aka the "hers" cocktail from our wedding
Here it is! Here's how the sausage was made! See my earlier post on shrubs for a full explanation of what we're working with.
We bought three (or four?) boxes of blackberries from Pike Place Market. One box is about six pints. But we only got one such box at a time since the process was a mess and labor-intensive. We wanted to work with the freshest fruit possible. So we would buy one palate of berries, process it, wait a week or two, then buy another.
We mixed the berries with an equal portion of sugar, which ended up being ten cups per box of fruit. I also added a couple peaches per batch, just for fun. For two of the three batches, I added a little bit of rosemary, cinnamon, and/or star anise for additional complexity. We mixed the sugar really thoroughly...
|don't stare at this one for too long|
|literally just sugar and fruit|
|inky fruity darkness|
|this is a few layers of cheesecloth, held secure with a rubber band|
|this part took a lot of patience and cajoling with a wooden spoon|
|but alas! results!|
* The "innovation" was putting cheesecloth UNDER the strainer rather than over. That way the largest seeds and fruit pieces would be stopped by the strainer and the cheesecloth wouldn't get quite so "blocked up."
When the fruit was all strained, we measured our yield...
And we added a complementary quantity of red wine vinegar (or cider vinegar). If we started with 10 cups fruit and 10 cups sugar, we would add something like 5-8 cups of vinegar, tasting as we go to make sure it has an appropriate amount of zip.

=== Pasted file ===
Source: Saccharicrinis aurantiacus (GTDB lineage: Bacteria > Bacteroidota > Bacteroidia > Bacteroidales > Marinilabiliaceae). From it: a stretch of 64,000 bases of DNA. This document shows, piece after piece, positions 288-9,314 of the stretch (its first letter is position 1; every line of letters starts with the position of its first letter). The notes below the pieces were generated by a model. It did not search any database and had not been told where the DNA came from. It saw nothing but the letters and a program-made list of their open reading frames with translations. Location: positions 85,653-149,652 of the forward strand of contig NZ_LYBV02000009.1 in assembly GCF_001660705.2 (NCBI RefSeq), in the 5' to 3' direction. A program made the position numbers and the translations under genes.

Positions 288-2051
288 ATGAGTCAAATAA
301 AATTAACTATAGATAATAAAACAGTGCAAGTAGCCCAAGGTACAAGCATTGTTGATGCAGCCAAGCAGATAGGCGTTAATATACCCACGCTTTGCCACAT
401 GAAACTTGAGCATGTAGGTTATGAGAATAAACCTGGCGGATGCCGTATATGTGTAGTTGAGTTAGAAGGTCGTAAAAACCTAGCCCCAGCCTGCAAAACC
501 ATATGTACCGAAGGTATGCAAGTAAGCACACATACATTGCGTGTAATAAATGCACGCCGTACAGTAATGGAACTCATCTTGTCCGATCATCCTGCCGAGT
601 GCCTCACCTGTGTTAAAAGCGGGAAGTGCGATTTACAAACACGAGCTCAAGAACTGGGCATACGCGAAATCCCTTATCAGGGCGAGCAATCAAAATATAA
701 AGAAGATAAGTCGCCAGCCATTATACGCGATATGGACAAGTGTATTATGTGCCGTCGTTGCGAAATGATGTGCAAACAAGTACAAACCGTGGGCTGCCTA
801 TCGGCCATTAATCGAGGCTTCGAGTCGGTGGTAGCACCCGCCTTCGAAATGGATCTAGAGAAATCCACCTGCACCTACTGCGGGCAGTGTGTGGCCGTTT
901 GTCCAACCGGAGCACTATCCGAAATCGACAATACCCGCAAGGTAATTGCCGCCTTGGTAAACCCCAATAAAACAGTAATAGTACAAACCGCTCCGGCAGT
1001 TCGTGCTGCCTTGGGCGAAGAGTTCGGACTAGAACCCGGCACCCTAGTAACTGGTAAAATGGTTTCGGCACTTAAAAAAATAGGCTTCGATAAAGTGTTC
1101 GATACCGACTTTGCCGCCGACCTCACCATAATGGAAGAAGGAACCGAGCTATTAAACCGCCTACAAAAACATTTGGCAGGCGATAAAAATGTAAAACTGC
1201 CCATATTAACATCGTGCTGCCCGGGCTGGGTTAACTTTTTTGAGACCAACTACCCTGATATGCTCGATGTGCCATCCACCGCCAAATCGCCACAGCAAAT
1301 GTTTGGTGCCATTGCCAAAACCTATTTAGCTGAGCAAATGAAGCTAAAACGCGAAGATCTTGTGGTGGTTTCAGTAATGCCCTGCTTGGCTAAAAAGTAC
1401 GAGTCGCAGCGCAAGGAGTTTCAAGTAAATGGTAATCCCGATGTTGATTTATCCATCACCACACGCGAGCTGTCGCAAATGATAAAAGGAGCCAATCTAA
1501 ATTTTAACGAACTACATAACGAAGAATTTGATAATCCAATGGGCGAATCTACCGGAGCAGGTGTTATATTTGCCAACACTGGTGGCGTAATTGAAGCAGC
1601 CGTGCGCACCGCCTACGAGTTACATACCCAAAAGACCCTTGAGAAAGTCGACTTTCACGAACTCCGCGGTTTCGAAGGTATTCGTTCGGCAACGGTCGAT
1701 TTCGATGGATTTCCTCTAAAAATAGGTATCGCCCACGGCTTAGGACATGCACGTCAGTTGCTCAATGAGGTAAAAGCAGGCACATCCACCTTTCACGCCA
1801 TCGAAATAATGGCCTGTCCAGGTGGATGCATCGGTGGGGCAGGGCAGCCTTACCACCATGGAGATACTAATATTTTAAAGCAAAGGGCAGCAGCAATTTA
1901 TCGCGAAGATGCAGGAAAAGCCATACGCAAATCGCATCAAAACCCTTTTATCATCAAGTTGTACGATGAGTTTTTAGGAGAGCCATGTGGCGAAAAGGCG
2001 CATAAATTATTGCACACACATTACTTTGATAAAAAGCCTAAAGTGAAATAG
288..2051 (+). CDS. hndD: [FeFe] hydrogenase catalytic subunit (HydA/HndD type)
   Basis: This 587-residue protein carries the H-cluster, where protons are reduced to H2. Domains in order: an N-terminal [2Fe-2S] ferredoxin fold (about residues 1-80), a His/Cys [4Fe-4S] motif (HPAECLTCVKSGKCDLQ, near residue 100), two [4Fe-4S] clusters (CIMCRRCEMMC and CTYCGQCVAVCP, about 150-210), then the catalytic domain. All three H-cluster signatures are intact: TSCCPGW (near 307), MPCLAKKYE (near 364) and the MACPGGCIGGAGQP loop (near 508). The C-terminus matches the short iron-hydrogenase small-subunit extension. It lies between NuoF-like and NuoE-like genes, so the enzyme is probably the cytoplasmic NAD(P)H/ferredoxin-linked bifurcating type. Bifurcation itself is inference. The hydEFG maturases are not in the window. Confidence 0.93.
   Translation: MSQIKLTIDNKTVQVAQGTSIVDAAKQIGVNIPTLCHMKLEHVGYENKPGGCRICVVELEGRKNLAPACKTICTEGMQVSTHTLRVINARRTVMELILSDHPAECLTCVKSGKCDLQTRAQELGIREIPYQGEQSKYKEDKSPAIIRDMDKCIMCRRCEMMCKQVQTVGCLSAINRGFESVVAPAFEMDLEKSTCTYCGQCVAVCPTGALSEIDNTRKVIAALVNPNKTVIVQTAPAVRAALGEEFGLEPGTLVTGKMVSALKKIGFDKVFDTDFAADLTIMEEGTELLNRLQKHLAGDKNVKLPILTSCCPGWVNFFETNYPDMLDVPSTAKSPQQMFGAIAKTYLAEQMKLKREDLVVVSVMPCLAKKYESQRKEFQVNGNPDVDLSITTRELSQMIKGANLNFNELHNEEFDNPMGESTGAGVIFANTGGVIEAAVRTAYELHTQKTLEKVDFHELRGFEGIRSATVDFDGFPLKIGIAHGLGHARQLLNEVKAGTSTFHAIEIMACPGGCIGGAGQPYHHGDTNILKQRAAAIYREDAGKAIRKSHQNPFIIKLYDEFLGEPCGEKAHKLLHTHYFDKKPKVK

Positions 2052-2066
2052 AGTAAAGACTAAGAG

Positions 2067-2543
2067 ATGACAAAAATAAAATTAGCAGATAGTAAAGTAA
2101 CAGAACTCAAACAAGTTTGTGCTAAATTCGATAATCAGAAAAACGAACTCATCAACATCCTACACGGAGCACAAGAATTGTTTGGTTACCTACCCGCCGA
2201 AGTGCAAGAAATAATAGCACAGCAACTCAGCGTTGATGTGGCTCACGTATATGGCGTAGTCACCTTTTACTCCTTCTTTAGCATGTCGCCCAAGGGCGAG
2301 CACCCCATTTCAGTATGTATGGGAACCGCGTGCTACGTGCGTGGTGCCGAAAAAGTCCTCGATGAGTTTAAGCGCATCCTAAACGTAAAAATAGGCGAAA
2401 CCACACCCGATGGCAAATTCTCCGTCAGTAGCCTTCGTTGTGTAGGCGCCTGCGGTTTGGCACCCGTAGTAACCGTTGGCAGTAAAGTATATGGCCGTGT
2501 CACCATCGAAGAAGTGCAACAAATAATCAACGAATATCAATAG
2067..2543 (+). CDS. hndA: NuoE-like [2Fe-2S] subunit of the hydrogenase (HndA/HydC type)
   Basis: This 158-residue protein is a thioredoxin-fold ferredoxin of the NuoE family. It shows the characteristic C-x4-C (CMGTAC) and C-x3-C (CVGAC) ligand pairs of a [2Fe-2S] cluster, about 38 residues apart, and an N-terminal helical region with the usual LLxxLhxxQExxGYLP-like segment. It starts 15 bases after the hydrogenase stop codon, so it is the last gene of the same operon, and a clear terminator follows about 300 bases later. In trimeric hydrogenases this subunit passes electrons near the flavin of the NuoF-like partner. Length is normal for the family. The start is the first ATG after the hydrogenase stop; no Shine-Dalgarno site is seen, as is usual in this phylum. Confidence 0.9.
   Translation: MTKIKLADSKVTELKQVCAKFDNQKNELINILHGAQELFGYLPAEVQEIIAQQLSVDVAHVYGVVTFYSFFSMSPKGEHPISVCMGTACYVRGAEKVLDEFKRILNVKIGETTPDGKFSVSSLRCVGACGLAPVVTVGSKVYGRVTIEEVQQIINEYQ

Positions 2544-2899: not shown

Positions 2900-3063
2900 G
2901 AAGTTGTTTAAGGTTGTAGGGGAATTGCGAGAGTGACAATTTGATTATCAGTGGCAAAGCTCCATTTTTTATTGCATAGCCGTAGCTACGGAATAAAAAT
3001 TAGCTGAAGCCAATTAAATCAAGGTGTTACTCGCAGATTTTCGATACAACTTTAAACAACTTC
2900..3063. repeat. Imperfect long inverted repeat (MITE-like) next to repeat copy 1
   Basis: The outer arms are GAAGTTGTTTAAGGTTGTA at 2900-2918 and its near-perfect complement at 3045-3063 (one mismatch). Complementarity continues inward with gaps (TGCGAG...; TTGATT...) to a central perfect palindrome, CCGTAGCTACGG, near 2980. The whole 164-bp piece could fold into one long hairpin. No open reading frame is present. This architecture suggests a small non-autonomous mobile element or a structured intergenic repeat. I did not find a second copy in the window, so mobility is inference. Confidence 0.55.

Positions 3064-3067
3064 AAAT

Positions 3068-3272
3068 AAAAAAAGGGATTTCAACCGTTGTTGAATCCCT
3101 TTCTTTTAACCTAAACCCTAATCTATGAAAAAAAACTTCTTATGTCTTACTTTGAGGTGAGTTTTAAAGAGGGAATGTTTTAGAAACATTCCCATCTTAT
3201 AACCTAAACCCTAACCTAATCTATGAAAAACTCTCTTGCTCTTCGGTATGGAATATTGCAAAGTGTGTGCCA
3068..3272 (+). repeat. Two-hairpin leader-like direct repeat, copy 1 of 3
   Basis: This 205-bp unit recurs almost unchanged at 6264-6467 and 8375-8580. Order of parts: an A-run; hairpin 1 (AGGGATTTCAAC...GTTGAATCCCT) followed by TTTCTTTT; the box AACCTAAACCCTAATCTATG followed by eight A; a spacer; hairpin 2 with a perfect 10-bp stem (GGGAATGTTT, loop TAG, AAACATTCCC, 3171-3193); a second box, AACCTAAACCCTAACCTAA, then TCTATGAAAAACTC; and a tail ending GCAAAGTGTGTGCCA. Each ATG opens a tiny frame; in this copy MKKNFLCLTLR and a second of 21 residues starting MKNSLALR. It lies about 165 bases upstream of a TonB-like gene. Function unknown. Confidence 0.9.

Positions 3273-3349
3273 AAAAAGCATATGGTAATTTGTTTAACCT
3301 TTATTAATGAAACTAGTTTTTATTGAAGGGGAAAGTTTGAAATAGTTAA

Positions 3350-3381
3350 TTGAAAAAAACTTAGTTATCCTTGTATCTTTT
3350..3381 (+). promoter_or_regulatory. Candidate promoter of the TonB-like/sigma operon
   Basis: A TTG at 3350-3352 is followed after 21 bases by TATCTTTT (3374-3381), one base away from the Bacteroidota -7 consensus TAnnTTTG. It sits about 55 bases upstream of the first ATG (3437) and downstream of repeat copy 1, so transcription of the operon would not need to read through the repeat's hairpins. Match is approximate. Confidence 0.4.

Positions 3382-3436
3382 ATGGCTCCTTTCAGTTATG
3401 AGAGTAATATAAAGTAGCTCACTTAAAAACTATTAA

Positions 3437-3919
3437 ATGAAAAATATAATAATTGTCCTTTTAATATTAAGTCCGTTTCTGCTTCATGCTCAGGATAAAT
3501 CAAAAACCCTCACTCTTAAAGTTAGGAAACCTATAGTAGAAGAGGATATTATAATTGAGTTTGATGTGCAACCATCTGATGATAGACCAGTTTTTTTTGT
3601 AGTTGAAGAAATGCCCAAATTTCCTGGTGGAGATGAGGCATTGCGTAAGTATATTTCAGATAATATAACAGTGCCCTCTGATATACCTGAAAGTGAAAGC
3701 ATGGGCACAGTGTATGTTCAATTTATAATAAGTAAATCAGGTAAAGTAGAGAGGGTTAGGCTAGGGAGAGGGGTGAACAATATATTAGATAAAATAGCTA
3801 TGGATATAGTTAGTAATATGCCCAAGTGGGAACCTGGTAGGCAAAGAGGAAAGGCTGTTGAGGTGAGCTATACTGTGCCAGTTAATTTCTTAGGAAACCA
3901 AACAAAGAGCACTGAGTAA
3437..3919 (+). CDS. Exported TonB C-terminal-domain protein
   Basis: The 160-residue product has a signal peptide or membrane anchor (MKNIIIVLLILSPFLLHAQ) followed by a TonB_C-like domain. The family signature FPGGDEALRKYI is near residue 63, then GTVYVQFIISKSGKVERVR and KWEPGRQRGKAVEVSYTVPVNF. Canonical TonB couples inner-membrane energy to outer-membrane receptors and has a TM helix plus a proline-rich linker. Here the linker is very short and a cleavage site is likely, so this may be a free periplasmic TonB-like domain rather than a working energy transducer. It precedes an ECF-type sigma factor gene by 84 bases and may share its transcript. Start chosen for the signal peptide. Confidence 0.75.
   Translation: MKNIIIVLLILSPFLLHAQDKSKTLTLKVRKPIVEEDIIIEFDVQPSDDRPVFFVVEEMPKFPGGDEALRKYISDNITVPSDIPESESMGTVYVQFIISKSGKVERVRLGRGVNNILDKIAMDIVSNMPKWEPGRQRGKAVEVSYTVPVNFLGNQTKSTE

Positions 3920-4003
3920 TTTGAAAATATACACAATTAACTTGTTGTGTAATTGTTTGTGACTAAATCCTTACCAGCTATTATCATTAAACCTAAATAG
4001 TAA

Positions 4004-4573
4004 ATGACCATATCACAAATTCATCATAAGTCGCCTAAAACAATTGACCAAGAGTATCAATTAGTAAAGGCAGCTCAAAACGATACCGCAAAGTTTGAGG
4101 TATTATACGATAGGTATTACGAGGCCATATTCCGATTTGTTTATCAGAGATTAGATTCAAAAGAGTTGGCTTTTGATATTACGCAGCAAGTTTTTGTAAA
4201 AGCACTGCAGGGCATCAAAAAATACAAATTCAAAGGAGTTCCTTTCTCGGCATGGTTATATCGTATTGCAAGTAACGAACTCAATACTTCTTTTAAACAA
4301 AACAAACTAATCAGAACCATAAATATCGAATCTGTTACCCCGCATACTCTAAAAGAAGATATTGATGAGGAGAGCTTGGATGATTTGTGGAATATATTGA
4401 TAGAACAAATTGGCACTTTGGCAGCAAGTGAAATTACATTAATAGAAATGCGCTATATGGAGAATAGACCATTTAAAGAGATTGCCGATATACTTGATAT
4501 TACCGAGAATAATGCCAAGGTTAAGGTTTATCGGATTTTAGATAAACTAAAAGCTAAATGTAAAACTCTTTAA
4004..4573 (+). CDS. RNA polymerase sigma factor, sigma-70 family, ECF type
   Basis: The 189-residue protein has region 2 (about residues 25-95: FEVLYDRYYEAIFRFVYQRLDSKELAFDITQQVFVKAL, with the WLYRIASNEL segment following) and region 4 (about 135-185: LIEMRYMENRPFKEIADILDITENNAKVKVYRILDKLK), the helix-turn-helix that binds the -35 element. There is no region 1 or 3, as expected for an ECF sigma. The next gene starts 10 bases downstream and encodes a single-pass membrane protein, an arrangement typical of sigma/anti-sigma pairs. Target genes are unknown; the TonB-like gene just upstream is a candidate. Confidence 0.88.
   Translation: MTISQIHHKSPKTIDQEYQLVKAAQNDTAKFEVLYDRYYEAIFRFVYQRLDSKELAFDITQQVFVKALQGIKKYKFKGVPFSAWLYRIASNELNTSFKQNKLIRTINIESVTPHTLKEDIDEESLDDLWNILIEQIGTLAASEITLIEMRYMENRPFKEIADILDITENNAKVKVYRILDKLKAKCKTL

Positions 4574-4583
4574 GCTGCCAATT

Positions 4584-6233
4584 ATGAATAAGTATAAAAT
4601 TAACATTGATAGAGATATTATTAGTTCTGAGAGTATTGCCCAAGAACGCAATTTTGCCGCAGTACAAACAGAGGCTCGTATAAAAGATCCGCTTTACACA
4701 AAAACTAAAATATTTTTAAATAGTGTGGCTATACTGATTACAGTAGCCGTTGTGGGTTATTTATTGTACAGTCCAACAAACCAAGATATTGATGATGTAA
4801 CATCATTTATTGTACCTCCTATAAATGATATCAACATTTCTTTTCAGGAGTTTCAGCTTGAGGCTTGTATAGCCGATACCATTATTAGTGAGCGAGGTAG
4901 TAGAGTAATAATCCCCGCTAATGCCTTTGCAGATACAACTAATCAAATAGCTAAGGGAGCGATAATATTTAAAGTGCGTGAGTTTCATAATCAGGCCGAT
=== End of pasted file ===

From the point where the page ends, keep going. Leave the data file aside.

Then we bottled the shrub in large mason jars and labeled them according to batch number and date of production...
And we stored them in the fridge.
Since all three batches were a little different (more vinegar, less vinegar, more spices, no spices...), we did blend them all together a few months later so each bottle would have the same combination of flavors. We also added about half a shot of gin per bottle to make them even more bacteria-resistant---the whole point of shrubs, after all, is to preserve fruit past its proper season. The acid content alone, from the vinegar, was probably enough. But I spoke to a bartender about this while lunching on Capitol Hill and he recommended we add a tiny bit of alcohol to further secure the lovely potion. So add we did!
For shipping east, we moved the shrub from glass mason jars to large, BPA-free Nalgenes. And I THINK people really enjoyed this at the wedding! The cocktail was to be shrub, soda water, and gin, but I suspect the drink slingers were adding some frozen raspberries too... which I'm sure didn't hurt.
And that, my friends, is how we did it!
Next post will be real cooking, I promise.